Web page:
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Infect Disord Drug Targets. 2014;14(3):185-90.

Neuroimaging findings in a series of children with cerebral palsy and congenital cytomegalovirus infection.

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Children's Hospital at Westmead, Locked Bag 4001, Westmead NSW 2145 Australia.


Congenital cytomegalovirus (cCMV) is a contributing cause of neurodevelopmental disabilities including cerebral palsy (CP). In this case series we reviewed the neuroimaging findings of children with CP and cCMV infection in the context of the children's clinical profile.


Children with CP and laboratory confirmed cCMV (n=12) reported to the Australian CP Register, born in South Australia and Victoria, 1993-2006, with magnetic resonance imaging (MRI) and/or computerized tomography (CT) report available. Clinical details and neuroimaging findings were tabulated and compared to published literature. Children in this series were mostly born at term (n=8), with symptoms or signs of cCMV (n=10) and had spastic quadriplegia (n=9), epilepsy (n=8), intellectual deficit (n=12), communication (n=10) and hearing impairments (n=9). All but one had abnormal neuroimaging findings reported on MRI or CT (n=11): most commonly brain malformations including disorders of neuronal migration (n=10), such as lissencephaly, pachygyria and polymicrogyria, and cerebellar hypoplasia (n=5). Other findings included ventricular dilatation (n=8), calcifications (n=7) and white matter abnormalities (n=6). This study suggests that brain malformations, calcifications, ventricular dilatation and cerebellar hypoplasia are common neuroimaging patterns in children with CP and cCMV infection. The presence of these findings should prompt investigations for congenital cytomegalovirus.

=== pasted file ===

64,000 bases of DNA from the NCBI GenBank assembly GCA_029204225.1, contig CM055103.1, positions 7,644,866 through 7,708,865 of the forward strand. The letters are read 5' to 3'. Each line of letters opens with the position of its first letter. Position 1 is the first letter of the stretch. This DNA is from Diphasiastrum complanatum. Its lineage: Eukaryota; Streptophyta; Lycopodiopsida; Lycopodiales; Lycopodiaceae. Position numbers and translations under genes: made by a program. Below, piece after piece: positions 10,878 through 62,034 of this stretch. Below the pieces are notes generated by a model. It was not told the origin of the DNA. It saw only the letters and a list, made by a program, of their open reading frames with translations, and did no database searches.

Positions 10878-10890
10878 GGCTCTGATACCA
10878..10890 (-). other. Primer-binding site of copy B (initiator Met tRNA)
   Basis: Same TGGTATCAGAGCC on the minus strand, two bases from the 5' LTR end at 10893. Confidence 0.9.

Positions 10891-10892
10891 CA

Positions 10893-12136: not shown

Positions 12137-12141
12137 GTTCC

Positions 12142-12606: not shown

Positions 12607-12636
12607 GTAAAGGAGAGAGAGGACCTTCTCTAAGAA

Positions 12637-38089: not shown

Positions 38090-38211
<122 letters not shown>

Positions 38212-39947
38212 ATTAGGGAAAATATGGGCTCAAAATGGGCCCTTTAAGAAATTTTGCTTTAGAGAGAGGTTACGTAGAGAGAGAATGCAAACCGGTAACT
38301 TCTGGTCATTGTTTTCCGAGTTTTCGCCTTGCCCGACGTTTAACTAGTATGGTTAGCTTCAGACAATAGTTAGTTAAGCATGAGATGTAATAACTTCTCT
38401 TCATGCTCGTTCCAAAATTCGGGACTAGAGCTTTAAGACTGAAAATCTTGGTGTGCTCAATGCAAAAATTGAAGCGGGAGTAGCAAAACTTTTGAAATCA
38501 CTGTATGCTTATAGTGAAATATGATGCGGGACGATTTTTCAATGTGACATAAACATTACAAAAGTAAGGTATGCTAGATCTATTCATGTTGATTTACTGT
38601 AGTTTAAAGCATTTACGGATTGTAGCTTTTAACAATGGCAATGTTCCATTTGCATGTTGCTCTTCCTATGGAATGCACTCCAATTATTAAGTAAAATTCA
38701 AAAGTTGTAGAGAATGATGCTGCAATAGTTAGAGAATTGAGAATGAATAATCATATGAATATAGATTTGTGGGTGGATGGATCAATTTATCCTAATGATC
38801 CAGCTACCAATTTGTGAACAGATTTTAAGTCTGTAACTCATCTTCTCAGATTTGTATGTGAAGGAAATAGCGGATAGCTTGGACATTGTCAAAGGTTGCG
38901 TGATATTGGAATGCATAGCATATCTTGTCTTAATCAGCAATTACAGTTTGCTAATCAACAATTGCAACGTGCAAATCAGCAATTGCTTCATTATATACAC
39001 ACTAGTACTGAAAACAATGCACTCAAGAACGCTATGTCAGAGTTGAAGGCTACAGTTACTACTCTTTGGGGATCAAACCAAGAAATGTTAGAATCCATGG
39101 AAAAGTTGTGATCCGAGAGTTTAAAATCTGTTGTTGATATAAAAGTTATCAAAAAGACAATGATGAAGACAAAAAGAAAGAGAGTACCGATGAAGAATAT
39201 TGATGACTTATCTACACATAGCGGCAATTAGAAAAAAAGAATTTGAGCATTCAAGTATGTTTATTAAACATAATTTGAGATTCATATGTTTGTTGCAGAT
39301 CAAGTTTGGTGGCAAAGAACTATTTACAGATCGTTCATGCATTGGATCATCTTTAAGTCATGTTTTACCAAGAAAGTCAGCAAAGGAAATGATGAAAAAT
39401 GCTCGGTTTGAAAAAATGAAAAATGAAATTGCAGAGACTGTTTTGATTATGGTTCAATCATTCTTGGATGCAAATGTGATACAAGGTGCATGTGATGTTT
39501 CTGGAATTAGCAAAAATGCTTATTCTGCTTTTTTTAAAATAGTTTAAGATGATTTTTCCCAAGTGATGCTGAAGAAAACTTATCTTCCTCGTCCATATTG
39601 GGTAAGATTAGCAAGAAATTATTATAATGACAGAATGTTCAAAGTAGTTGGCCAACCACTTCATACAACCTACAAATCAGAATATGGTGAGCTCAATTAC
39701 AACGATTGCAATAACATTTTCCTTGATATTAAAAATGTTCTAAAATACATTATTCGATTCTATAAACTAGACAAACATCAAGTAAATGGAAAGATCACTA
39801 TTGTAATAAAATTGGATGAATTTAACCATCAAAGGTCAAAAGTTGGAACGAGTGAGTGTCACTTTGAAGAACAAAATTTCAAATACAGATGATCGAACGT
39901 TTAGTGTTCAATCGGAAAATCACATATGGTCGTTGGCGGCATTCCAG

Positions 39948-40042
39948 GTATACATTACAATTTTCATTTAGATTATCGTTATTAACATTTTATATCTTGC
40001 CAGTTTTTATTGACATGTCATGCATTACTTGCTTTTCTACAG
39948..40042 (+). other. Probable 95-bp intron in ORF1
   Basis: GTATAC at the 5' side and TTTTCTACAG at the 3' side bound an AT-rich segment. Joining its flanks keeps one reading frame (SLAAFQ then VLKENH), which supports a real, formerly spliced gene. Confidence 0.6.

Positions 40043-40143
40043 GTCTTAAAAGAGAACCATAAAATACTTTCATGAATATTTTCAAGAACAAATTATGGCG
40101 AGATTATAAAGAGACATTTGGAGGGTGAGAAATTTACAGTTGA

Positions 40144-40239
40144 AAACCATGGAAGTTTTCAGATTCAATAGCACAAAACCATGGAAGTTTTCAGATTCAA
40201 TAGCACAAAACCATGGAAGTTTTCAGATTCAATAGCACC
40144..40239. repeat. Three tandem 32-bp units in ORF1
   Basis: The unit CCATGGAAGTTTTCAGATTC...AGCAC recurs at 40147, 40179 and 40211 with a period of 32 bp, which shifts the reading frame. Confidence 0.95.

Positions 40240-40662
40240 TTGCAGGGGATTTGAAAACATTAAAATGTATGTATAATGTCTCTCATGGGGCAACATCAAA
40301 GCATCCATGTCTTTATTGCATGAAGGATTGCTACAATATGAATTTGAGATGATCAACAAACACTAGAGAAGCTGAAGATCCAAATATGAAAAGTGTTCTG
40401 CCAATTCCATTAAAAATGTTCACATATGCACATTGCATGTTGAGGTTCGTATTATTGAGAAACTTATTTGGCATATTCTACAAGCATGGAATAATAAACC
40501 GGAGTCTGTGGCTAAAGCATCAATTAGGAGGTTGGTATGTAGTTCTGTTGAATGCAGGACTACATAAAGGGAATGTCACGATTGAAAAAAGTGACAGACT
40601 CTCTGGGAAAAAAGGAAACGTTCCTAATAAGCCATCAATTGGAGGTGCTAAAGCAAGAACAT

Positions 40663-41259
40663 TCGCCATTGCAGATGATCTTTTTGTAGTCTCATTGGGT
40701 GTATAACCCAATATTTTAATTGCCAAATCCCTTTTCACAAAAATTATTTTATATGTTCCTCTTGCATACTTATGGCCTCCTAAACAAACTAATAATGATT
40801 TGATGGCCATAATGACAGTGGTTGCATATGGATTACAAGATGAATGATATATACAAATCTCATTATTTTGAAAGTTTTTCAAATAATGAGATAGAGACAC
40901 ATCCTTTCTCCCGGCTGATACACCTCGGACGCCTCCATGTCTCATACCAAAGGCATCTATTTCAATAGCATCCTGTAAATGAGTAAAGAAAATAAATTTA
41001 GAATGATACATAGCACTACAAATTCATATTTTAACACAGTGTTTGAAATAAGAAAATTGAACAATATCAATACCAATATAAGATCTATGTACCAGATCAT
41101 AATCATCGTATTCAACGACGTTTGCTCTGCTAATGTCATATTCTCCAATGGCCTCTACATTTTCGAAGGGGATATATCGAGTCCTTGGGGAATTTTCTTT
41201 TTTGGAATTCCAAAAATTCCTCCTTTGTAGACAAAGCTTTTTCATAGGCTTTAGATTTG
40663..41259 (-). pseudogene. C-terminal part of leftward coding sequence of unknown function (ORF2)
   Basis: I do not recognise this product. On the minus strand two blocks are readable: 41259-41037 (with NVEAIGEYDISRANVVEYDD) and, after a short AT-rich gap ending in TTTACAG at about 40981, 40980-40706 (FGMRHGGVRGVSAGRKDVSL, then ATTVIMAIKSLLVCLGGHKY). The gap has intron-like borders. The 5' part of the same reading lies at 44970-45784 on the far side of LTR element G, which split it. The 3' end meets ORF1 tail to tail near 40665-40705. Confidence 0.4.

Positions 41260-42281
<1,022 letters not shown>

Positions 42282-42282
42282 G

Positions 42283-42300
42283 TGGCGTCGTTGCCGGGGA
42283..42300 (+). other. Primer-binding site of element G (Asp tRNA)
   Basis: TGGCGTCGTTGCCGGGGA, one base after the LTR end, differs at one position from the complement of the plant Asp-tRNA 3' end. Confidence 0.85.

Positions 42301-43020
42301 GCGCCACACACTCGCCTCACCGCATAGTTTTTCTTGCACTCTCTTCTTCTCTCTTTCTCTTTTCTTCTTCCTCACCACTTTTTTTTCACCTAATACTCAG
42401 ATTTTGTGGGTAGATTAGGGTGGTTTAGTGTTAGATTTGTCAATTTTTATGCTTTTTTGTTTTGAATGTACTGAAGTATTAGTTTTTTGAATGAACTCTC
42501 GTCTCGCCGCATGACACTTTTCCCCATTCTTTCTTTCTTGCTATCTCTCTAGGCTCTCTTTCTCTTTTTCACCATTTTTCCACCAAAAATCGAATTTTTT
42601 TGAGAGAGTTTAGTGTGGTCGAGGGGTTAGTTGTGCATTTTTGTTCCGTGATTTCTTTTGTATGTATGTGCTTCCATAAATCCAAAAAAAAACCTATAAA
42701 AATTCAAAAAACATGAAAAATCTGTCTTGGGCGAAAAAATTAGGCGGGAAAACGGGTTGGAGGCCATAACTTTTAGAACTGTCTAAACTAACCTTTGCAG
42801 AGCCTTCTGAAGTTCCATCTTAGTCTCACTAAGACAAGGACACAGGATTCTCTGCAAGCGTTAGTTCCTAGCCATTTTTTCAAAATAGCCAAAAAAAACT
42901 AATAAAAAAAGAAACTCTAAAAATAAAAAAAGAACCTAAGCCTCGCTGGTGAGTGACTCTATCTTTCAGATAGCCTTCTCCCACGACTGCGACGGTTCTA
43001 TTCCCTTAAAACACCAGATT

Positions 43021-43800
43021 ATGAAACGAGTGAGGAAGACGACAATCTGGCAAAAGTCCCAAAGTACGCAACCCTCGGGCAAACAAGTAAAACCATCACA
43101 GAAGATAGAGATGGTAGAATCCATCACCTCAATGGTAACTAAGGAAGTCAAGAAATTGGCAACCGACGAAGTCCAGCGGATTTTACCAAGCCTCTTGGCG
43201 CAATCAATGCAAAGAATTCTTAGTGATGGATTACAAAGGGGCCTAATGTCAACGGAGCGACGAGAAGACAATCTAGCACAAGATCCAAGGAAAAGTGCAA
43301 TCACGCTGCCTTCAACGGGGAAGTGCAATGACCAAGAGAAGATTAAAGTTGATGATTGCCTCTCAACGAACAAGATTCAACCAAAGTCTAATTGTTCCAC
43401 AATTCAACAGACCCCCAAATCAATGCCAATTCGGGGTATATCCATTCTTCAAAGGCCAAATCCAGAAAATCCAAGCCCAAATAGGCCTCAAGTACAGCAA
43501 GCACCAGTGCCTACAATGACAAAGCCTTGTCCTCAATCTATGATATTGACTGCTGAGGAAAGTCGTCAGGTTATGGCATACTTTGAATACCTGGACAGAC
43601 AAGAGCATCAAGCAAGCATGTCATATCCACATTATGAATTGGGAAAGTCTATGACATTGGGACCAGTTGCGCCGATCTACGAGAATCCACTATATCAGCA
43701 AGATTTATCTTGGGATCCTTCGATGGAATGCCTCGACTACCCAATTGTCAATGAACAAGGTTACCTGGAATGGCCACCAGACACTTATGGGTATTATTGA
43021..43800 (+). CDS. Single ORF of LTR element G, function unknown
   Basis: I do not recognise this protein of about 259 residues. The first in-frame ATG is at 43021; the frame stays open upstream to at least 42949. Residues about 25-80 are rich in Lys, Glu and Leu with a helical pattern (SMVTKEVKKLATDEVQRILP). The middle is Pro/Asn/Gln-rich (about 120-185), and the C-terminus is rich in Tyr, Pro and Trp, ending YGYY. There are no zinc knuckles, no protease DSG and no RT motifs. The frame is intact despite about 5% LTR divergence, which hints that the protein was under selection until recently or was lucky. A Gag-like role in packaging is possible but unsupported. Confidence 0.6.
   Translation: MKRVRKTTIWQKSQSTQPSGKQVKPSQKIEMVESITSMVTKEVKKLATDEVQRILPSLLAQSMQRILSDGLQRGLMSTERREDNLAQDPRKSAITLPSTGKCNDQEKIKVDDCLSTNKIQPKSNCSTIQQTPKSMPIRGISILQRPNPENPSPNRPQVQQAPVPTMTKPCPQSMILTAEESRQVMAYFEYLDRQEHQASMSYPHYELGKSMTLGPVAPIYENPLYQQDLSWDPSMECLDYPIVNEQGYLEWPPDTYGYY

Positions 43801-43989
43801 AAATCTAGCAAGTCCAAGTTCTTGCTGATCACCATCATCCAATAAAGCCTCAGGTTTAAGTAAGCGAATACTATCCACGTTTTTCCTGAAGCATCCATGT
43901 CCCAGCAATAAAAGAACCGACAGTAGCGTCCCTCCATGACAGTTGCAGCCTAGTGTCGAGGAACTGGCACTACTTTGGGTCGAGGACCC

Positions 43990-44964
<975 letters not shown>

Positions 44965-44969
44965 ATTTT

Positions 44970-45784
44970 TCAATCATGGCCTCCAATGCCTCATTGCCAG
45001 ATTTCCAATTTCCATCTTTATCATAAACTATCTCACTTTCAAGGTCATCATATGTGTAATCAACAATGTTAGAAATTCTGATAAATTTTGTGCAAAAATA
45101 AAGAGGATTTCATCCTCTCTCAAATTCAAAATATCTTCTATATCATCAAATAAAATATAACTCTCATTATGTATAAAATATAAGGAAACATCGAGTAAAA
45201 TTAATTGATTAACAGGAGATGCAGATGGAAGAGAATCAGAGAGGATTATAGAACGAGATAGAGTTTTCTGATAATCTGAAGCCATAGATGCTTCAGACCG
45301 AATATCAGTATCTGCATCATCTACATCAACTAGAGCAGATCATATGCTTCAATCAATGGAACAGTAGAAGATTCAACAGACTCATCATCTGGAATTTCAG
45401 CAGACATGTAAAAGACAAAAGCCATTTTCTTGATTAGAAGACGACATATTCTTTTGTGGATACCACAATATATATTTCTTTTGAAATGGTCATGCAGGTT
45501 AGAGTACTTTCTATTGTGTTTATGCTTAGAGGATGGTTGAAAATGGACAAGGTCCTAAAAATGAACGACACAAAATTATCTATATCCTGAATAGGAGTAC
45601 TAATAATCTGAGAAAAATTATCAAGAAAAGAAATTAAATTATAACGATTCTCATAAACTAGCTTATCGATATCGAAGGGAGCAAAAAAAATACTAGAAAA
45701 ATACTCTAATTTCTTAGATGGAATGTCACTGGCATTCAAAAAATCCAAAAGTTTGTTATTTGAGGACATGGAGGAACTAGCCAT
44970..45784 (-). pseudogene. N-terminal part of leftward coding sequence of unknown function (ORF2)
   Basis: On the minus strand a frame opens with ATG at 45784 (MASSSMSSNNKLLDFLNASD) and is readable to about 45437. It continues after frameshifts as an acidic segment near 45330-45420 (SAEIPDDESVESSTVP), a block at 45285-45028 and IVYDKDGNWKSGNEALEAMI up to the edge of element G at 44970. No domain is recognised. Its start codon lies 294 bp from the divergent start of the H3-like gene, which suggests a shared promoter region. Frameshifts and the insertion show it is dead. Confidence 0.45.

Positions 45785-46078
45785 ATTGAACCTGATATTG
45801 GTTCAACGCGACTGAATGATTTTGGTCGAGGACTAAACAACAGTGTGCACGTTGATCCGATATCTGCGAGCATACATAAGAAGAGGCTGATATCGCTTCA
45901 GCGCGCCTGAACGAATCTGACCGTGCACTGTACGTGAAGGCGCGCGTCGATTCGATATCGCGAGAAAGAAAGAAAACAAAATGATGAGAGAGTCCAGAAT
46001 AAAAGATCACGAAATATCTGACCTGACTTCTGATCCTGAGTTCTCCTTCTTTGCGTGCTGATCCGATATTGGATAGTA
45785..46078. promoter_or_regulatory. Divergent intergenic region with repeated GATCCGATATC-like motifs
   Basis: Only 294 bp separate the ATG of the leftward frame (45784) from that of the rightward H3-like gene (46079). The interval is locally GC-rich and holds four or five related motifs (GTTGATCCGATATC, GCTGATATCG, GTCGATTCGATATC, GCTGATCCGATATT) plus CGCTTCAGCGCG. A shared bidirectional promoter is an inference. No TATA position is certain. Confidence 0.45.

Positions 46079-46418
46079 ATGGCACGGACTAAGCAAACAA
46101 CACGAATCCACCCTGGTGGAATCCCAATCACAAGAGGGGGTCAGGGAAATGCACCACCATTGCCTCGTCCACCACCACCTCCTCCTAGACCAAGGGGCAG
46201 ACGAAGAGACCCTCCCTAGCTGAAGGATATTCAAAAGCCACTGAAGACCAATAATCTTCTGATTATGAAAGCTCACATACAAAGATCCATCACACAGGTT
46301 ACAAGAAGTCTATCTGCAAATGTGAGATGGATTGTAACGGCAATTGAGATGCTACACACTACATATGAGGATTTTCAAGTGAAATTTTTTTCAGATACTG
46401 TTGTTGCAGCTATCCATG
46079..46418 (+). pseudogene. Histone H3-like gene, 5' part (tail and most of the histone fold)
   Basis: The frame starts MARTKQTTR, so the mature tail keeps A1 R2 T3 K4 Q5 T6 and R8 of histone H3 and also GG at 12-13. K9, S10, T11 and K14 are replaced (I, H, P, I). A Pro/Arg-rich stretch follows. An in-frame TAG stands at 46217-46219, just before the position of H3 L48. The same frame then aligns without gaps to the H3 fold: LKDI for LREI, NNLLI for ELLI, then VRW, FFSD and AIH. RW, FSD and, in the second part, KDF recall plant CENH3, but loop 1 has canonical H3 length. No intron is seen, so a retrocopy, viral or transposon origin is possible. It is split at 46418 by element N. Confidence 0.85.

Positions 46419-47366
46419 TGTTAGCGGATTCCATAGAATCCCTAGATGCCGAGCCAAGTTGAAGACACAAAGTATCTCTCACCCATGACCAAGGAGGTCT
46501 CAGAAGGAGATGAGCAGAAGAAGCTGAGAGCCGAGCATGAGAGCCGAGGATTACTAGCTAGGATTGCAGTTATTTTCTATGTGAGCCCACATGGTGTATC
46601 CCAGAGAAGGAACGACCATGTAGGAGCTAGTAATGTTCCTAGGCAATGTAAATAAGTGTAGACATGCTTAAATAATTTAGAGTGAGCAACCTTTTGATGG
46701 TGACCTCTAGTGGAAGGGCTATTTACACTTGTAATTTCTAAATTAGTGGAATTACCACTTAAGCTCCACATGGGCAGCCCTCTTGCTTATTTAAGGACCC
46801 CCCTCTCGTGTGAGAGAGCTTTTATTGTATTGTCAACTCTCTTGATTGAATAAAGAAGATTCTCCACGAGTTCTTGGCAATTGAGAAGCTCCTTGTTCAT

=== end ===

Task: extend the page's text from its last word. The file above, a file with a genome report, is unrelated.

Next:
[Indexed for MEDLINE]

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